Public 'reassured' by swine flu media coverage

23 July 2010

The swine flu (influenza A H1N1v) pandemic of 2009 created considerable media coverage and some degree of public anxiety. Until a vaccine was developed, behavioural strategies by the general public were the main defence against further spread, so it was important that the public were well-informed about the pandemic and what they could do. Much concern was expressed at the time about the media, and indeed the Government, possibly sensationalising what was happening.

However, a new UCL study suggests that media coverage and advertising broadly reduced public concern at an individual level and improved the uptake of useful behaviours. The study was funded by a NHS National Institute for Health Research grant to Prof. Susan Michie (Research Department of Clinical, Educational and Health Psychology) and CHIME's own Dr Henry Potts. It is published today in Health Technology Assessment.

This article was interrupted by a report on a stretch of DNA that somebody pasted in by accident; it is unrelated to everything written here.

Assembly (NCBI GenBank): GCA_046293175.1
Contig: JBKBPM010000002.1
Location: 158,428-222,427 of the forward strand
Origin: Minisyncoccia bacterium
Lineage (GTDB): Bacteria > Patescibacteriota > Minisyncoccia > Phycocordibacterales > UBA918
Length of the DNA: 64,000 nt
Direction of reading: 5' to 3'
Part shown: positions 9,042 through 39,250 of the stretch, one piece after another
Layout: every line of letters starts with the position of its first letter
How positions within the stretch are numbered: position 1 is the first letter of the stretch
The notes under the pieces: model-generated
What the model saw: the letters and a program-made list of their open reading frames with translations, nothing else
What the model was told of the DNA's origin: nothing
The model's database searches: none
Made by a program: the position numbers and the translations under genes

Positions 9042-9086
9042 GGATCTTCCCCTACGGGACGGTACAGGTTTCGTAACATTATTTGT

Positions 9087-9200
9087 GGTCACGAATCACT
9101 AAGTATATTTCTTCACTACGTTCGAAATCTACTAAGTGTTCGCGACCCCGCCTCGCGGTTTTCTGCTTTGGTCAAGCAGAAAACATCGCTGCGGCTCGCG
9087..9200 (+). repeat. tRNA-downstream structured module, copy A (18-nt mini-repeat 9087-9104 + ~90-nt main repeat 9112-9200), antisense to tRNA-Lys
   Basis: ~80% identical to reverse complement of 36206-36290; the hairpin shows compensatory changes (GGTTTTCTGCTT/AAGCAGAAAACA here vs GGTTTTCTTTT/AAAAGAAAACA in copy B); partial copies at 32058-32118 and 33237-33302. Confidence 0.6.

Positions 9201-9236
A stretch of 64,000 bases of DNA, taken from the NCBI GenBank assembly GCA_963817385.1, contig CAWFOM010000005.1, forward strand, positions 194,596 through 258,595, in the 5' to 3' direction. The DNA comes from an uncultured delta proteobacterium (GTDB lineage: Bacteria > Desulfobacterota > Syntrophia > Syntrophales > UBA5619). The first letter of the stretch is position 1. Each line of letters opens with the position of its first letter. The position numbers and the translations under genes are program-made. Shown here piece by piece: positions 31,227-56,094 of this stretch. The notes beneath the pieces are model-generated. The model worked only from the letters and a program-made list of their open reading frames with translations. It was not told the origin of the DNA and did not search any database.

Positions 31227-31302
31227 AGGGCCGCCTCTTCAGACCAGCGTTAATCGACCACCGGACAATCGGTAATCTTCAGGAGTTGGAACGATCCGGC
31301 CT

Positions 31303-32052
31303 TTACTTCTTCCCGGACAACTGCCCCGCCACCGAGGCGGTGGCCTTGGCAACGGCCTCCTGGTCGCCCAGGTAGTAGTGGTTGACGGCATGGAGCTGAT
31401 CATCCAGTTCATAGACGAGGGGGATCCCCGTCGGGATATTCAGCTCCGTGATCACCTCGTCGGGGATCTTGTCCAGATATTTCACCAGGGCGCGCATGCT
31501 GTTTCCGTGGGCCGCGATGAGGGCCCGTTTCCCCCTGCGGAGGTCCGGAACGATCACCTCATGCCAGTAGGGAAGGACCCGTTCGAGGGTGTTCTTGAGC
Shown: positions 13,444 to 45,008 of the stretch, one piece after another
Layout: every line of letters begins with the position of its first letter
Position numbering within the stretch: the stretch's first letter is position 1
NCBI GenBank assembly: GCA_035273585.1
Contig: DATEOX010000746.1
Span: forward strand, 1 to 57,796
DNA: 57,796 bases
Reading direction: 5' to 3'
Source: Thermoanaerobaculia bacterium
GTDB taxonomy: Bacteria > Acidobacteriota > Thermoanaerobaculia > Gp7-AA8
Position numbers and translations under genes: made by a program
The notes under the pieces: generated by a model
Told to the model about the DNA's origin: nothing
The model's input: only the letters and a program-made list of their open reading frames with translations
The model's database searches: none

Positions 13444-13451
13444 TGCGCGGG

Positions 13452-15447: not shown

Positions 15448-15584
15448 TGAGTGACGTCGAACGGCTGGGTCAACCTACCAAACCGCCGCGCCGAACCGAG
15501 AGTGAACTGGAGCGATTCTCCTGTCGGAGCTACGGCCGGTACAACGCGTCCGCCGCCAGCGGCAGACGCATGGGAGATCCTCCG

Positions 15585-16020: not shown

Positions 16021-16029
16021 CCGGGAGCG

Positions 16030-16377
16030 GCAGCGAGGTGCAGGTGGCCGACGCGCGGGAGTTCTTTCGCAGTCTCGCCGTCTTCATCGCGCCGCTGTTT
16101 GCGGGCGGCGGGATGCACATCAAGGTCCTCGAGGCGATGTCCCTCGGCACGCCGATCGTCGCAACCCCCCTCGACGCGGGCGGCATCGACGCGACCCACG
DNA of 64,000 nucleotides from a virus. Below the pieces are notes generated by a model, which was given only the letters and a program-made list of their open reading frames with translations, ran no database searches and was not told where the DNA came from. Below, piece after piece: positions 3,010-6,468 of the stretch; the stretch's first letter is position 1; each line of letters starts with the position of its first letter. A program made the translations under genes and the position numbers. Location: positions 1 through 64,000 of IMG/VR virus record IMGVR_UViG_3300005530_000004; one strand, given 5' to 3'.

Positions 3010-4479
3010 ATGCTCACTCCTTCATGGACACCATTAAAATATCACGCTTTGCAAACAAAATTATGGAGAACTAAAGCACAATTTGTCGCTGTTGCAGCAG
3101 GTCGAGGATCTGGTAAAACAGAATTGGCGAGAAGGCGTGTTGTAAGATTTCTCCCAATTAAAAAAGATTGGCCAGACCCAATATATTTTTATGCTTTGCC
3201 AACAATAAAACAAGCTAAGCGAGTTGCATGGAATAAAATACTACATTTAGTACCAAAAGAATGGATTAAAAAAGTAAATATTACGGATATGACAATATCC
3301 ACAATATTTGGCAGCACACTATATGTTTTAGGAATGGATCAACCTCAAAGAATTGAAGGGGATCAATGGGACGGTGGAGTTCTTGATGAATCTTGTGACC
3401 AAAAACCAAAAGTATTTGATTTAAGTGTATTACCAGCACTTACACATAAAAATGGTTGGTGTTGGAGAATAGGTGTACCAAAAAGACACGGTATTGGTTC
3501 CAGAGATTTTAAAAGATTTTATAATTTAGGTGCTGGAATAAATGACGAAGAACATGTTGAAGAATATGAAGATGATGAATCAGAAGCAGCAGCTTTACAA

Based on a series of 36 telephone surveys of the general public, the research found that, generally, the public showed low levels of behaviour change, a concern for the future if more serious pandemics follow. For example, only 56% of the public said they would have the swine flu vaccine if offered it. They were more likely to accept it if they were worried about the possibility of themselves or their child catching swine flu.

Rubin GJ, Potts HWW, Michie S (2010). The impact of communications about swine flu (influenza A H1N1v) on public responses to the outbreak: Results from 36 national telephone surveys in the UK. Health Technology Assessment, 14(34), 183-266. doi: 10.3310/hta14340-03 Full-text available free Contact: Henry Potts

Links: Health Technology Assessment pandemic flu themed issue, Full UCL News story

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